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    United States Attorney's Office
    Central District of California

    Thom Mrozek
    Public Affairs Officer

    (213) 894-6947
    thom.mrozek@usdoj.gov



    Return to the 2010 Press Release Index
    Release No. 10-101

    June 29, 2010

    CUBAN NATIONAL WHO DEFRAUDED OTHER IMMIGRANTS BY POSING AS ATTORNEY SENTENCED TO OVER 5 YEARS IN PRISON

    LOS ANGELES – A Cuban national who assumed the identity of an attorney and charged aliens to represent them in the very immigration court where he had earlier been ordered deported has been sentenced to 61 months in federal prison.

    Raul Ernest Alonso-Prieto, 61, was sentenced yesterday afternoon by United States District Judge Margaret M. Morrow, who also ordered Alonso-Prieto to pay $7,300 in restitution to several victims.

    Alonso-Prieto pleaded guilty in December to mail fraud and aggravated identity theft. As part of yesterday’s sentencing, prosecutors told Judge Morrow that Alonso-Prieto induced at least 13 “clients” to pay for his purported legal services and that he appeared as attorney of record in immigration proceedings for approximately eight of the victims.

    After being convicted in a fraud case out of the District of Idaho, Alonso-Prieto was put into removal proceedings in Immigration Court, determined to be a Cuban national who had been convicted of identity theft, and ordered removed. After completing his sentence in the Idaho fraud case at a federal prison in Victorville, Alonso-Prieto was transferred to the custody of U.S. Immigration and Customs Enforcement at the San Pedro Processing Center (SPPC). Alonso-Prieto was held at SPPC for 90 days, but he was released because he could not be deported to Cuba due to the United States’ lack of diplomatic relations with Cuba. He was released from SPPC pursuant to an Order of Supervision on December 22, 2006.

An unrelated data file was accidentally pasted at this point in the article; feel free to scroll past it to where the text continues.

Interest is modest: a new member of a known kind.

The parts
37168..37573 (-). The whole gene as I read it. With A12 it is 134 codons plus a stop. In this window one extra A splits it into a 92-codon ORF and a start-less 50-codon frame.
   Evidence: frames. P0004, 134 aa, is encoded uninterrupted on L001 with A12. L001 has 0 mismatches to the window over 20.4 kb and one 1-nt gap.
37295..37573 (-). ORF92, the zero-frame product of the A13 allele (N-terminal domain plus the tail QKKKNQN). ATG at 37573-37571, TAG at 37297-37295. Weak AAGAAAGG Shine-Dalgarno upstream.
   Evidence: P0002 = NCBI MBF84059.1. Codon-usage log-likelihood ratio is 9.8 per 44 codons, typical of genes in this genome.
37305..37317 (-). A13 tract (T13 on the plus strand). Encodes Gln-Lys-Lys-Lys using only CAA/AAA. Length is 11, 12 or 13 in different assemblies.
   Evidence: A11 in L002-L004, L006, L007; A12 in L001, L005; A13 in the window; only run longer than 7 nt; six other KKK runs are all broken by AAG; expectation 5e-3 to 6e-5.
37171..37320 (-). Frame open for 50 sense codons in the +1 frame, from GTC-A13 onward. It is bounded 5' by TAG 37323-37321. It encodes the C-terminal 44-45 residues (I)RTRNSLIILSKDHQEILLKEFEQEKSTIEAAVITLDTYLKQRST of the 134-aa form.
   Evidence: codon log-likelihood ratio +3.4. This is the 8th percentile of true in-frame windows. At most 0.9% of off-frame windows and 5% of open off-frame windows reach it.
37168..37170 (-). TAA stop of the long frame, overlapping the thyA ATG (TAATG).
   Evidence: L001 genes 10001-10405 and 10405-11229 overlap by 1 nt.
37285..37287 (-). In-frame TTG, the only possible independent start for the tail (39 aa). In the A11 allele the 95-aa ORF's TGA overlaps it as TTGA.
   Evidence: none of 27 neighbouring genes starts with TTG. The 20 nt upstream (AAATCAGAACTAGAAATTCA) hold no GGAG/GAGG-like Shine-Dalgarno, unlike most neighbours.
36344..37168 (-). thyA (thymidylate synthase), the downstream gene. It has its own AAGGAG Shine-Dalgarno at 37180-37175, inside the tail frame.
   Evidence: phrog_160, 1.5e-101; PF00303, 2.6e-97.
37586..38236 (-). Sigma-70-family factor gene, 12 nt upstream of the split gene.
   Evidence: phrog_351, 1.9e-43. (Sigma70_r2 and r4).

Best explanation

After being released from custody, Alonso-Prieto assumed the name “Kenneth Robert-Murphy Peterson,” a variation on the name of a real California attorney. Using this name and the name of a deceased Florida attorney – Charles Powell, whose name Alonso-Prieto had used in the Idaho identity theft case – Alonso-Prieto invented a fictional Christian charitable legal services organization that he called the Amicus Curaie Foundation. After he was released from the SPPC, Alonso-Prieto approached detainees, or the families of detainees, at the SPPC and, claiming to be “Kenneth Robert-Murphy Peterson” employed by the Amicus Curaie Foundation, offered to represent them for fees as high as $2,500. Alonso-Prieto appeared in person and by telephone on numerous occasions before Immigration Judges at the SPPC, purporting to be attorney Kenneth Robert-Murphy Peterson and purporting to represent various detained clients in deportation and removal proceedings.

    “Defendant’s fraudulent scheme was premeditated and involved careful planning,” prosecutors wrote in their sentencing papers. “[Alonso-Prieto] created a false identity and used false business documents to bolster that identity. [Alonso-Prieto] also acted brazenly and without sympathy, by lying directly to his victims and their families when they were particularly vulnerable in that they were detained in immigration custody pending possible deportation, and were desperately in need of legal assistance. He also exploited their need for spiritual guidance and serenity in a difficult time.”

    This case against Alonso-Prieto was the product of an investigation by the Federal Bureau of Investigation, which received the assistance of U.S. Immigration and Customs Enforcement, Detention & Removal Operations. The Los Angeles County District Attorney’s Office, Bureau of Investigation, cooperated in the investigation.

     

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    Release No. 10-101

    Return to the 2010 Press Release Index